Braeval Distillery is the sister distillery of Allt-a-Bhainne but is the much more attractive of the two on the eye. Even though they were both built at the same time the architectural styles couldn’t be more different. One is built in the post-war concrete style whilst Braeval is elegant and traditional with its white-washed buildings and tall pagoda roof.
Opened in 1973 by the famous Seagram group it was built with the intention of making high-quality fillings for their numerous blends. Interestingly the location was determined because Seagram believed that the famous Glenlivet Distillery (which their chairman Edgar Bronfman desperately wanted to buy) made great whisky because of its pure water source, so by building a distillery in the same valley then the stardust would in theory rub off on Braeval.
At the time it was even named Braes of Glenlivet to further link it with its illustrious neighbour. Moving into the 1980s blended Scotch whisky went into a sharp decline which caused many whisky companies to start closing distilleries. Around this time for example Brora, Rosebank, and Port Ellen all shut their doors. However, Seagram under the bold dynamic leadership of Edgar Bronfman bucked the trend and put all their distilleries (which by then did include The Glenlivet) into full-time production.
They had wagered that the Scotch Whisky Industry would turn around again and in the long term, they would put themselves in prime position by having an abundance of aged casks. This turned out to be correct. Braeval went from three pairs of stills to six with the capacity increased to 4.2 million litres.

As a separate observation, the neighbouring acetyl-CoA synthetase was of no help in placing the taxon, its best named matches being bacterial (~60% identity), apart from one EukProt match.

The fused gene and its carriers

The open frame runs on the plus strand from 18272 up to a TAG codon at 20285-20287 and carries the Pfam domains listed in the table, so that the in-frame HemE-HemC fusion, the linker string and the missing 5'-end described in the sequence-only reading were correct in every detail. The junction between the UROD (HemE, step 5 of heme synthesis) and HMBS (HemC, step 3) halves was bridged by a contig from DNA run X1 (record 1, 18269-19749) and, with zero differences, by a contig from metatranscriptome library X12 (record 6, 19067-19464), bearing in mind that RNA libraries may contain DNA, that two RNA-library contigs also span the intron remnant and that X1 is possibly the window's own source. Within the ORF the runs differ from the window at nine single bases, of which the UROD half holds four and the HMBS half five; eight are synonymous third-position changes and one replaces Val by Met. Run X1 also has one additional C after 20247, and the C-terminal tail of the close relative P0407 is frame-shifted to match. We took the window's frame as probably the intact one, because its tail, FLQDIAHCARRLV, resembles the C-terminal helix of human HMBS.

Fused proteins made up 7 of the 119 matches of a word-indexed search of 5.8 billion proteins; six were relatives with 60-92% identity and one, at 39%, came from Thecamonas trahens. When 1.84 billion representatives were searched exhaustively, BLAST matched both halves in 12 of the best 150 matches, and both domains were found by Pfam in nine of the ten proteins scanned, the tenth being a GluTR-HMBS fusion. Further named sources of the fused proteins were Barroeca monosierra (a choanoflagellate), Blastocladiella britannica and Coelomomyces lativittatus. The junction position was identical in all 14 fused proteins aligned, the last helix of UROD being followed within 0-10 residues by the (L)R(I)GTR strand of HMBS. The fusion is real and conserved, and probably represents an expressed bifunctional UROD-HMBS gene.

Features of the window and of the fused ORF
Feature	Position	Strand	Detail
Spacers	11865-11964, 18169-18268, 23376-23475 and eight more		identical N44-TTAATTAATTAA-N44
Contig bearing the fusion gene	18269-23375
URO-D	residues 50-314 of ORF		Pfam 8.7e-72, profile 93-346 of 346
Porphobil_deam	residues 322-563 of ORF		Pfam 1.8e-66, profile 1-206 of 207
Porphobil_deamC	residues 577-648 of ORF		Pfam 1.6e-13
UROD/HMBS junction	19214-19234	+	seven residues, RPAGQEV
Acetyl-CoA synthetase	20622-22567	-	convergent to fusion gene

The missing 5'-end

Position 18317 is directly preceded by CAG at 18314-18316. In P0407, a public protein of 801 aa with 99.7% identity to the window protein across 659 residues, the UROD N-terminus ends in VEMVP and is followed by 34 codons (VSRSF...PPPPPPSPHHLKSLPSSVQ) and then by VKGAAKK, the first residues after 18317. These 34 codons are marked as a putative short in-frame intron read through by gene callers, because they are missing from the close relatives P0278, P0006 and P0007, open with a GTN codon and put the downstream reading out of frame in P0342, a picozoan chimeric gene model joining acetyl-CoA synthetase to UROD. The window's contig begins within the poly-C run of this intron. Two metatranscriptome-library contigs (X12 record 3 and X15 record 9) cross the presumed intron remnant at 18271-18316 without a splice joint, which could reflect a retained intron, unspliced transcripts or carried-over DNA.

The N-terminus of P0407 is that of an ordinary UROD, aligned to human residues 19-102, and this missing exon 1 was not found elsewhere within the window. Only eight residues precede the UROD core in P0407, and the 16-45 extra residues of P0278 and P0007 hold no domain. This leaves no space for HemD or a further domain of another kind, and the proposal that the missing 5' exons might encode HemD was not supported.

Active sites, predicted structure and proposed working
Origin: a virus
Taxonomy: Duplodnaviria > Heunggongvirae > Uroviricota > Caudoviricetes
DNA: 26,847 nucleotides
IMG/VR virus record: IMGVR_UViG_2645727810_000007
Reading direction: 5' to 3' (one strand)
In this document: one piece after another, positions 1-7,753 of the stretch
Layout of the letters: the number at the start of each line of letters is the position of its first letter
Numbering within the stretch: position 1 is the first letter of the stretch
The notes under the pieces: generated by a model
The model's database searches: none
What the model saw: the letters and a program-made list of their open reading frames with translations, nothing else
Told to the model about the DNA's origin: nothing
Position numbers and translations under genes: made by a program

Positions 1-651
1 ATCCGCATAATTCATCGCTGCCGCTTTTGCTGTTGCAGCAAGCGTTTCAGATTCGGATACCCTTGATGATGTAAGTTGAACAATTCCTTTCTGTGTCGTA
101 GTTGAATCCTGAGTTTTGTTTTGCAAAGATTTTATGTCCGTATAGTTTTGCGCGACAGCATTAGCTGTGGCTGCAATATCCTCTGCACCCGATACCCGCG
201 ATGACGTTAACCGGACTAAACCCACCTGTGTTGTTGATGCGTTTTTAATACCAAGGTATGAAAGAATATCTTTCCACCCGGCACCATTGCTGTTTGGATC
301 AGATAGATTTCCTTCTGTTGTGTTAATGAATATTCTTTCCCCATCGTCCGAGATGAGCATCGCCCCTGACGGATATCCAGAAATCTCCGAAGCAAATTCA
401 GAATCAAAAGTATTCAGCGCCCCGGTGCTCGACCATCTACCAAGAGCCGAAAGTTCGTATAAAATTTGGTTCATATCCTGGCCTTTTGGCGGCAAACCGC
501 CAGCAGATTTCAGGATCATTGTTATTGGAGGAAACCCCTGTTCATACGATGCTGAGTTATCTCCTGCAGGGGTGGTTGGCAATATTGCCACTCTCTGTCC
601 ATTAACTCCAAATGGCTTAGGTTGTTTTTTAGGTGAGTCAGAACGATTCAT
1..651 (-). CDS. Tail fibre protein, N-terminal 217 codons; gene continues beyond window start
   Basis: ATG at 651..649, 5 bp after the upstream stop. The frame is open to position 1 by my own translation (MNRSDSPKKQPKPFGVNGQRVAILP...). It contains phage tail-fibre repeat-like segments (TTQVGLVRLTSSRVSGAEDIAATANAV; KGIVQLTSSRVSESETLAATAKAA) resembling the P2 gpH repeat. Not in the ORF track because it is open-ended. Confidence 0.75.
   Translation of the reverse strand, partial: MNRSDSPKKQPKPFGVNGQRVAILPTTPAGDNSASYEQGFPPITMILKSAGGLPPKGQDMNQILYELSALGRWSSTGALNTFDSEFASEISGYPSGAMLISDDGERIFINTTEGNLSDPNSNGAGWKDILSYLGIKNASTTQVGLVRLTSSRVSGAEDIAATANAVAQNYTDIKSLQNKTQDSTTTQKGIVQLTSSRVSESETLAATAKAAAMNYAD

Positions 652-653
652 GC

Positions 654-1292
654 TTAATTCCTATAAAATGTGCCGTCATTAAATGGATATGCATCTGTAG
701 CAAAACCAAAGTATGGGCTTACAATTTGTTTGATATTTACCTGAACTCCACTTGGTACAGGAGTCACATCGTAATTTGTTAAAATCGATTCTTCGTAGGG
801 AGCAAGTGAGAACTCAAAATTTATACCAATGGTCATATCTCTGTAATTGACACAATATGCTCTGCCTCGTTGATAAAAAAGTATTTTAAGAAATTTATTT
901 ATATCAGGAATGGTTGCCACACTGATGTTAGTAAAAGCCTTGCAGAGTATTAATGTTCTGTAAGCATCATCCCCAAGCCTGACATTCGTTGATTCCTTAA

From an investment perspective, Braeval is a very interesting proposition. It took until 2017 for the distillery to release any official Single Malt bottling and even that was a Single Cask bottling of just a few hundred bottles. The following year limited edition 25, 27, and 30-year-old bottles were released for Travel Retail. These were very well received and showed just how good the liquid actually is.
Independent Bottlings are also very hard to find so if you did own a cask of aged Braeval then your exit strategy would be very secure as there would be a queue of willing buyers. One suggestion because of the rarity factor is to test the water from time to time with our Auction Your Cask site. Set a high reserve and see if there are any takers.
Personally, we’re big fans of the liquid. Older expressions were sweet and floral with a lovely complex finish and it’s such a shame this wonderful malt has been hidden away for most of its history. To conclude, Braeval Distillery makes great whisky. It also has illustrious owners in Chivas Brothers, and has the rarity factor in abundance. Assuming the price is right and the age of the cask suits then we would rate this a strong buy.
To find out more about investing in Braeval casks, contact The Masters today!